Filibuster imperils Foster GOP foes in Senate are accused of playing presidential politics

June 22, 1995|By Susan Baer and Carl M. Cannon | Susan Baer and Carl M. Cannon,Washington Bureau of The Sun

WASHINGTON -- The nomination of Dr. Henry W. Foster Jr. as surgeon general is on the brink of defeat after President Clinton failed yesterday to muster enough Senate votes to break a filibuster by Republican opponents.

Mr. Clinton, standing beside Dr. Foster in the Rose Garden yesterday afternoon, vowed to continue the bruising battle for confirmation before a second -- and likely final -- vote today. "I'm not through yet," Mr. Clinton said, looking grim and determined. "We're going to do our best to win it."

But the administration needs to reverse the votes of three Republican senators, and as of last night there were no signs that it would gain the support needed.

Dr. Foster, an obstetrician-gynecologist from Nashville, Tenn., fell three votes shy of the 60 needed to break a filibuster by Sen. Phil Gramm, a candidate for the Republican presidential nomination. Mr. Gramm has led the charge by critics who say they are disturbed that Dr. Foster has performed several dozen abortions in his 38-year career and that he was initially misleading about how many he performed.

Dr. Foster's supporters, including some Republicans, contended yesterday that the nomination fight was all about presidential politics, with Senator Gramm and Majority Leader Bob Dole, another GOP presidential candidate, trying to outdo each other in their appeals to the Republican Party's conservative wing, which opposes Dr. Foster.

Eleven Republicans joined all 46 Democrats in voting to end the filibuster yesterday. Some of those Republicans said they thought Dr. Foster deserved a vote, even though they opposed his nomination.

Still, Senate vote-counters on both sides agreed that the White House had lined up the 50 votes needed to win confirmation in a straight up-and-down vote, and that the only way to kill the nomination was through a filibuster.

Mike McCurry, the White House spokesman, acknowledged it was not at all clear that the administration would be able to round up three more senators.

Some presidential aides were quietly discussing a fallback position yesterday, should the nomination fail. This would entail finding a role in the administration for Dr. Foster -- one that would not require Senate confirmation -- in which he would become a visible spokesman for teen-age pregnancy prevention.

But White House officials yesterday called such talk premature.

After the vote, Mr. Clinton criticized Republicans for being beholden to anti-abortion activists who have fought the nomination from the start, and for doing "a disservice to our whole system of democracy."

"Make no mistake about it, this was not a vote about the right of a president to choose a surgeon general," the president said. "This was really a vote about every American woman's right to choose. Because [Dr. Foster] cannot pass the political litmus test that has a stranglehold on the other party, they cannot even allow a simple vote."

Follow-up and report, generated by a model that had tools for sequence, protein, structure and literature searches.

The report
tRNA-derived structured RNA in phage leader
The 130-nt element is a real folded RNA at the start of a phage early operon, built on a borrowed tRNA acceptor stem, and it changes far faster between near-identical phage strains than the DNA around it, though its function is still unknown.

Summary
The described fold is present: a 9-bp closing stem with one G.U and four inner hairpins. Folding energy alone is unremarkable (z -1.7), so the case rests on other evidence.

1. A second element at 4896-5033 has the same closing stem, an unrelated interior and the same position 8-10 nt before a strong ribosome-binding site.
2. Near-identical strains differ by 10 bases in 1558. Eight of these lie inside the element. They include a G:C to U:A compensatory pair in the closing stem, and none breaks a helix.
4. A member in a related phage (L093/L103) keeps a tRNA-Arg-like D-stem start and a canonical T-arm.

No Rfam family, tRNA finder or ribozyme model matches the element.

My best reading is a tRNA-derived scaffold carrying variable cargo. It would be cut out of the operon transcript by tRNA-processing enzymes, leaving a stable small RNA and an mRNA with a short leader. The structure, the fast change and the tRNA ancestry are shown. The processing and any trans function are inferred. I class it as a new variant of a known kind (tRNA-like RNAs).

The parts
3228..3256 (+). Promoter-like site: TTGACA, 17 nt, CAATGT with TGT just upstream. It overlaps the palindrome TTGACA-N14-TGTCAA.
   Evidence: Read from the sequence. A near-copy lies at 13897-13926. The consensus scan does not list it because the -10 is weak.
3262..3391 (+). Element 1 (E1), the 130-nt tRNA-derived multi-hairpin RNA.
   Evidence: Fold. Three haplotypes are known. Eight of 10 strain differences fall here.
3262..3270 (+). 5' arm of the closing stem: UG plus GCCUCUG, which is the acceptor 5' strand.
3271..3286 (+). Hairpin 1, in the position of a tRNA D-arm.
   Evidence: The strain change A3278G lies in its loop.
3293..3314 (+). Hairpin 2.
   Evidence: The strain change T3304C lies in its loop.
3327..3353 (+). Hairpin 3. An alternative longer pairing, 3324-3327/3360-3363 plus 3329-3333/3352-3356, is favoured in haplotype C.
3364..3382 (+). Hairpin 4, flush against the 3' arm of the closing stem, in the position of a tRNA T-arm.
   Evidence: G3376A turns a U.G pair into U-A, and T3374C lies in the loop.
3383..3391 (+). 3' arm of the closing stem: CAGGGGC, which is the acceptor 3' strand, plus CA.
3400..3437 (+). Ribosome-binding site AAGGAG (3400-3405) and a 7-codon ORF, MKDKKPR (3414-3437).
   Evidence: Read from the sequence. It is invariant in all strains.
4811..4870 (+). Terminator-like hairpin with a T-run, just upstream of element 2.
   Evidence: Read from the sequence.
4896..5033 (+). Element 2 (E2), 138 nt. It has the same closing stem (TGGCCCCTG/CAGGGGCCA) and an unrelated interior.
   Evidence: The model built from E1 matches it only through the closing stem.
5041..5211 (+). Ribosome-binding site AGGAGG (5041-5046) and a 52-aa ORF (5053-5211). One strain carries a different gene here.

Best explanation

Asks for 'fairness'

For his part, Dr. Foster said briefly, "All I ask of the Senate is for the fairness that has been provided to previous nominations, the right to an up-or-down vote."

The nomination, embroiled for months in partisan politics involving abortion rights, was debated for more than three hours on the Senate floor yesterday.

Charging that Mr. Dole and Mr. Gramm were pandering to socially conservative Republicans, many of Dr. Foster's

supporters called the nominee the first "victim" of the 1996 presidential race, and yesterday's vote, the first "Republican primary."

"This is a low moment for the U.S. Senate," said Sen. Christopher J. Dodd, a Connecticut Democrat. "This isn't about Dr. Foster. We're engaged here in presidential politics, a game of one-upmanship, in my view."

Sen. Jim Exon, a Nebraska Democrat, said: "Dr. Foster is being crucified on the altar of presidential politics, pure and simple. Crucifying someone to enhance someone else's presidential ambitions is a sorry sight indeed."

Sen. James M. Jeffords, a Vermont Republican, said that to deny Dr. Foster a vote, especially after he received a favorable recommendation last month from the Senate Labor and Human Resources Committee, which held hearings on the nomination, was "indefensible."

Many senators noted that previous controversial nominees, such Supreme Court Justice Clarence Thomas, would not have won confirmation had they been required to muster the 60 votes needed to overcome a filibuster.

Dole responds

But Senator Dole, responding to Democrats' cry that a confirmation vote for Dr. Foster was a matter of fairness, said, "I've got a memory for fairness." He noted that, in the past, other nominees have come up for "cloture" votes -- votes to end a filibuster -- in the Senate, most notably William H. Rehnquist when, as a Supreme Court justice, he was nominated to be chief justice in 1986.

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